Human trafficking in Qatar
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Qatar is a transit and destination country for men and women subjected to trafficking in persons, specifically forced labor and, to a much lesser extent, forced prostitution. Men and women from Nepal, India, Pakistan, Bangladesh, the Philippines, Indonesia, Vietnam, Sri Lanka, Ethiopia, Sudan, Thailand, Egypt, Syria, Jordan, and China voluntarily travel to Qatar as laborers and domestic servants, but some subsequently face conditions indicative of involuntary servitude. These conditions include threats of serious physical or financial harm; job switching; the withholding of pay; charging workers for benefits for which the employer is responsible; restrictions on freedom of movement, including the confiscation of passports and travel documents and the withholding of exit permits; arbitrary detention; threats of legal action and deportation; false charges; and physical, mental, and sexual abuse. In some cases, arriving migrant workers have found that the terms of employment in Qatar are wholly different from those they agreed to in their home countries. Individuals employed as domestic servants are particularly vulnerable to trafficking since they are not covered under the provisions of the labor law. A small number of foreign workers transit Qatar and are forced to work on farms in Saudi Arabia. Qatar is also a destination for women who migrate and become involved in prostitution, but the extent to which these women are subjected to forced prostitution is unknown.
The Government of Qatar does not fully comply with the minimum standards for the elimination of trafficking; however, it is making significant efforts to do so. The government took steps to implement its sponsorship law, including through the granting of an exit permit to one migrant laborer without permission from his sponsor. Although the government has not yet enacted necessary anti-trafficking legislation, during the reporting period it reaffirmed its commitment to this goal over the next year. Despite these efforts, the government did not show evidence of overall progress in prosecuting and punishing trafficking offenders and identifying victims of trafficking. The U.S. State Department's Office to Monitor and Combat Trafficking in Persons placed the country in "Tier 2" in 2017.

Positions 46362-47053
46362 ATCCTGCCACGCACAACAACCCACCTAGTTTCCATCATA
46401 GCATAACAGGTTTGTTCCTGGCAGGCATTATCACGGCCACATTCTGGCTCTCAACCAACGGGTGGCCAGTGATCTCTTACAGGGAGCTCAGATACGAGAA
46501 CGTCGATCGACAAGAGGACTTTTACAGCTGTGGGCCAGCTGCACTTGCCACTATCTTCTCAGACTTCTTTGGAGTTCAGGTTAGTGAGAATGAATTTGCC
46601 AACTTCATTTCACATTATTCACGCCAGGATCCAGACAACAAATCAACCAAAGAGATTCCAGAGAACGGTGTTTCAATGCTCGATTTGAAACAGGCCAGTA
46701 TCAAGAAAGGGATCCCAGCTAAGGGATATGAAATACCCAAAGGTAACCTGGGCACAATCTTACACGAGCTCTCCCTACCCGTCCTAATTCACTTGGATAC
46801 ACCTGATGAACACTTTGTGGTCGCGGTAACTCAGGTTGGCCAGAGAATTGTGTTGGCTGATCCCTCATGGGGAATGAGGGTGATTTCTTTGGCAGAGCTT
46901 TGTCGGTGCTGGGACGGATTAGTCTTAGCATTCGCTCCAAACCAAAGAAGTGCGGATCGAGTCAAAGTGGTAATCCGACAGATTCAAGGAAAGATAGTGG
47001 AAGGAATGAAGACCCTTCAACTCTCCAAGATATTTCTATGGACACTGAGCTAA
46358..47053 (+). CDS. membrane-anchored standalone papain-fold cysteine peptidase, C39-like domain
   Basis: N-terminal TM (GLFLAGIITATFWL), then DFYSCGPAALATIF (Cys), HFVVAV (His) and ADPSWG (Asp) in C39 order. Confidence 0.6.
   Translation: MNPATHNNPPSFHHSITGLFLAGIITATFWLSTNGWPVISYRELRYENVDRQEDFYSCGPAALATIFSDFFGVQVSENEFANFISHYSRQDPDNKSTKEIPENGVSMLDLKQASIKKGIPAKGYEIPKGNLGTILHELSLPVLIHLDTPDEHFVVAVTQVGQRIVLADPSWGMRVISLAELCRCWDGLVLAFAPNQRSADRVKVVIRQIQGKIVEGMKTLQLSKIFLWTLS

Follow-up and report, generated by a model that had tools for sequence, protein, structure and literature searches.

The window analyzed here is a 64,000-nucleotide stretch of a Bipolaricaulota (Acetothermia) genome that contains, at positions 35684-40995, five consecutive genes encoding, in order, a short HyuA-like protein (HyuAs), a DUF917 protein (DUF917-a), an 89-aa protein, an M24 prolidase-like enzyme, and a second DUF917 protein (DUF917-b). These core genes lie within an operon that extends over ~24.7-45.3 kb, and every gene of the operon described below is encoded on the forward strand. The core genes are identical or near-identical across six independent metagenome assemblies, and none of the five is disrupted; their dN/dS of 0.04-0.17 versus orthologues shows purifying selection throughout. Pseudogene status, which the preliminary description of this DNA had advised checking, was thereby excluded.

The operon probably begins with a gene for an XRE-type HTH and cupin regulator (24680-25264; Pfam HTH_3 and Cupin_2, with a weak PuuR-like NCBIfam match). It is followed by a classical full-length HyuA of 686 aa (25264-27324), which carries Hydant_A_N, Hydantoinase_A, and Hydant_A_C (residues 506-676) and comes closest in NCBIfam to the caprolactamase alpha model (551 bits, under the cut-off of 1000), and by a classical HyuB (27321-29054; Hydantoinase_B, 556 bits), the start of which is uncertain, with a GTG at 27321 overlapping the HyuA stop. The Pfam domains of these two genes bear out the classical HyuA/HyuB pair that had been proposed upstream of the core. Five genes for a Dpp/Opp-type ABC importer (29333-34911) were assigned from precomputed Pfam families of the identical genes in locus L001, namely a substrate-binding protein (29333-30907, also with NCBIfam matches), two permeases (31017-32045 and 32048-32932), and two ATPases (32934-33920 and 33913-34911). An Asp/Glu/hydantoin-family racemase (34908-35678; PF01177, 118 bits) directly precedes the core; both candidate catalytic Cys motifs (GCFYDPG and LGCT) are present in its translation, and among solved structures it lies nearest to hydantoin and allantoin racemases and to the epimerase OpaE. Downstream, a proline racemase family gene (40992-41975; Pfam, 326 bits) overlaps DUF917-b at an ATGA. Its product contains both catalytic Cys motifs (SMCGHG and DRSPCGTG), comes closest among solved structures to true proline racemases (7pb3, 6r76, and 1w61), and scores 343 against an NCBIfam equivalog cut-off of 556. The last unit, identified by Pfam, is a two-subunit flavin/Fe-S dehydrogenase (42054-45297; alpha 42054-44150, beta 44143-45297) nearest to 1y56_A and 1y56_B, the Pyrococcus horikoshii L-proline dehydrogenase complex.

The Government of Qatar made minimal efforts to investigate and prosecute trafficking offenses during the reporting period. Qatar does not prohibit all acts of trafficking, but it criminalizes slavery under Section 321 and forced labor under Section 322 of its criminal law. The prescribed penalty for forced labor – up to six months’ imprisonment – is not sufficiently stringent. Article 297 prohibits forced or coerced prostitution, and the prostitution of a child below age 15, even if there was no compulsion or redress; the prescribed penalty is up to 15 years’ imprisonment, which is commensurate with penalties prescribed for other serious crimes, such as rape. The government has yet to enact a comprehensive trafficking law as anticipated during the last year, though it has reaffirmed its commitment to do so over the coming year, a commitment underscored by its ratification of the 2000 UN TIP Protocol in April 2009. The government reported the prosecution of sex trafficking offenders, but did not provide additional details. An unconfirmed report indicated four traffickers were charged with fraudulently issuing visas to workers whom they then exploited. Two were reportedly deported, and two were reportedly convicted. The government neither confirmed nor denied the existence of this case. The government-established but independent Qatar Foundation for Combating Human Trafficking (QFCHT) and the Human Rights Office of the Ministry of Interior conducted a workshop on the legal, social, and security dimensions of trafficking. Participants included police officers, Internal Security Force staff, and others. The police academy trained police officers on the identification of trafficking victims and procedures to refer victims to Qatar’s trafficking shelter. QFCHT also provided training for prosecutors and judges on how to manage trafficking cases.